Allen and I hemmed and hawed about moving the flock last night. It was going to be a longer move and we were trying to have a light work day since it was the long weekend holiday. We decided not to since I could take care of it the next day.

Well, this morning there were a couple of these newbies on the ground. 

They complicate the move a bit. Since they are new I don’t like to make them move. Mom and babe need time together without the stress of traveling someplace else. So they stayed put and I moved the rest of the flock out, which was easy enough even though it didn't go too smoothly.

The greater complication and risk is leaving these few behind. On this move the flock was skipping over a paddock and onto the next one, which meant a longer move and not a direct line of travel. This put the flock ahead and out of sight from the ewes who stayed behind which means when the moms do decide to move with their lambs they don’t have a direct line on where the flock went to.

By evening, the moms had not traveled far at all. You don’t get too far along when your sidekick is only hours old. I still wasn’t comfortable walking them as far as would be needed, so they were going to have to stay where they were for the night. To help alleviate the stress I felt about leaving them on their own, away from everyone else, I brought Diesel back to them. The guardian dogs are quite remarkable at keeping tabs on sheep in various locations but this morning all the dogs moved out with the flock and then took up snoozing for the day. I don’t think they realized these few were still back here. 

I was comforted to see Diesel’s soft approach to the ewes and then see him lie down. Even if he doesn’t stay put here at all times, I’m pretty sure he’ll be checking in on these ones overnight.

I didn’t push forward for a better photo so as not to disturb anyone. Dark is coming on.

Turning, Turning, Turning

Turning, turning, turning… the landscape continues to morph into the full glory of warm season colours.

The grass is wet with dew in the mornings and I appreciate the cool, wetness as I walk and the look of the dogs clean, wet feet.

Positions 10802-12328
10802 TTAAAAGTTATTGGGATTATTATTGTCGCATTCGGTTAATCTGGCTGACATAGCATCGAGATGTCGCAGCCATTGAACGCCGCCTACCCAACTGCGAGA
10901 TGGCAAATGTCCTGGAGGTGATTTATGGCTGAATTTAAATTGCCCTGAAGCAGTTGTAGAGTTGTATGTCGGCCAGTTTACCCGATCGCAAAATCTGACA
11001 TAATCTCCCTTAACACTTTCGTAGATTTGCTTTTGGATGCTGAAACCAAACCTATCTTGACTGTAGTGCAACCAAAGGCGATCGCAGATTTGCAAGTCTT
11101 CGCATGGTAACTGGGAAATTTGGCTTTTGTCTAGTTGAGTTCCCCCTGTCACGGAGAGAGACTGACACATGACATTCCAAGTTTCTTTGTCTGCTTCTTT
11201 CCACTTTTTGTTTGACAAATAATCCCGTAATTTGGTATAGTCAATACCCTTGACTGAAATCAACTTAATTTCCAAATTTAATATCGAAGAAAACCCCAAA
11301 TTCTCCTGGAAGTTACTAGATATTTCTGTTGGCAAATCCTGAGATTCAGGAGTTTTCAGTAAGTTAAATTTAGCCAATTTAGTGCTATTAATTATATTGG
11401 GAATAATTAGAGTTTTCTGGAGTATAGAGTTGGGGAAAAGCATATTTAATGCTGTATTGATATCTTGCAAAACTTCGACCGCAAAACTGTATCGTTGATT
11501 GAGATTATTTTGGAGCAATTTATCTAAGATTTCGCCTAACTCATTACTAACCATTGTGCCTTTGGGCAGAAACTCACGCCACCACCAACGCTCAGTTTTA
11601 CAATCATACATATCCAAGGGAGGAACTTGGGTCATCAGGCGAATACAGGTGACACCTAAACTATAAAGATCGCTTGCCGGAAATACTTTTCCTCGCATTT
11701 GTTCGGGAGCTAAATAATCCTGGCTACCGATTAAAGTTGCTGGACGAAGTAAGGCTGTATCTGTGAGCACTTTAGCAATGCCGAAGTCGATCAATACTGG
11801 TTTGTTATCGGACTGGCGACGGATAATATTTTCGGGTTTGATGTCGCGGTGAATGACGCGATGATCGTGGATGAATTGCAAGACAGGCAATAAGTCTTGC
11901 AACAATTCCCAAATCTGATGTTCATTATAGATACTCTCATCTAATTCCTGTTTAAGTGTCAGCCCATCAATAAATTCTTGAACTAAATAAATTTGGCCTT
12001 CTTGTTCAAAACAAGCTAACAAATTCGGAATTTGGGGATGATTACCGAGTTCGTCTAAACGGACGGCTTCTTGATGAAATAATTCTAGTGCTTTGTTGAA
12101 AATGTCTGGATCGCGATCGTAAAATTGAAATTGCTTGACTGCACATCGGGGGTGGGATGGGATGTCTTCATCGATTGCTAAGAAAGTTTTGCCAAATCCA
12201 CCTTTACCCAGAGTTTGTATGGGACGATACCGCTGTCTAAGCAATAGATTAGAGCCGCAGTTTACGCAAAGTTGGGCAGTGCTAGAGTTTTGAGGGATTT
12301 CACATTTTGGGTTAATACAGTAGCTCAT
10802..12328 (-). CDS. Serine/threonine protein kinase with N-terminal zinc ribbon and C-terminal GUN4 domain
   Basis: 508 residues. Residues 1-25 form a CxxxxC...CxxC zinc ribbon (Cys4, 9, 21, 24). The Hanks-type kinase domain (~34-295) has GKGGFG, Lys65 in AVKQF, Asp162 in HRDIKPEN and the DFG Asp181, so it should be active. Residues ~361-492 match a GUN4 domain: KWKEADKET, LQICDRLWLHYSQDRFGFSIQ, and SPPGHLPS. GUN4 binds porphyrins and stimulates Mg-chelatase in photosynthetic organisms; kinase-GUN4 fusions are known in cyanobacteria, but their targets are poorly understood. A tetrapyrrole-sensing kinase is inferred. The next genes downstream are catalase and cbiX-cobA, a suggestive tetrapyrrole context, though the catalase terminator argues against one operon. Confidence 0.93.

There is an interesting change happening over here…

Previous to us seeding the land back to grass it was planted to annual crops each year. When cropped year after year, the riparian areas around wetlands diminish as the farmer seeds as close as he can to the waters edge. Trees and grass do not have a chance to establish themselves. If they do establish because of wet springs, they are often burnt out later in the year when the water dries down. Unless it is particularly deep and holds water every year, eventually the wetland is lost altogether.

This is the fifth season of being in grass for this quarter of land. Surrounding this pothole slough is a ring of cattails and now a shallow ring of willow trees is growing here again. I like knowing they are here and trying to grow. 

(Sorry, poor quality photo on this one)

Balance is still key, as willows and other species can also take over a prairie. But Mother Nature usually takes care of that in this way:

This is the third year of being under water for these trees. They died out last year, which is when this photo was taken. Sheep and I'm sure the wild ruminants as well, also love to graze tender, young tress leaves and can keep the spread of unwanted trees at bay.

All these changes take time and often won’t happen in one season or even two but only after a handful of seasons has passed. It’s tough for us time pressured humans to give nature or ourselves that much time and patience, or to trust that in the end every thing, every little thing, always works itself out as intended.

Contentment X Two

Since the first day of grazing on May 7, the ewes have grazed on five paddocks. Yesterday I moved them over to the sixth one. They wanted to go there two days ago. This morning was the first morning the ewes were settled and still lying down when I arrived on the scene. Until now they have been restless, up and grazing and spreading far and wide.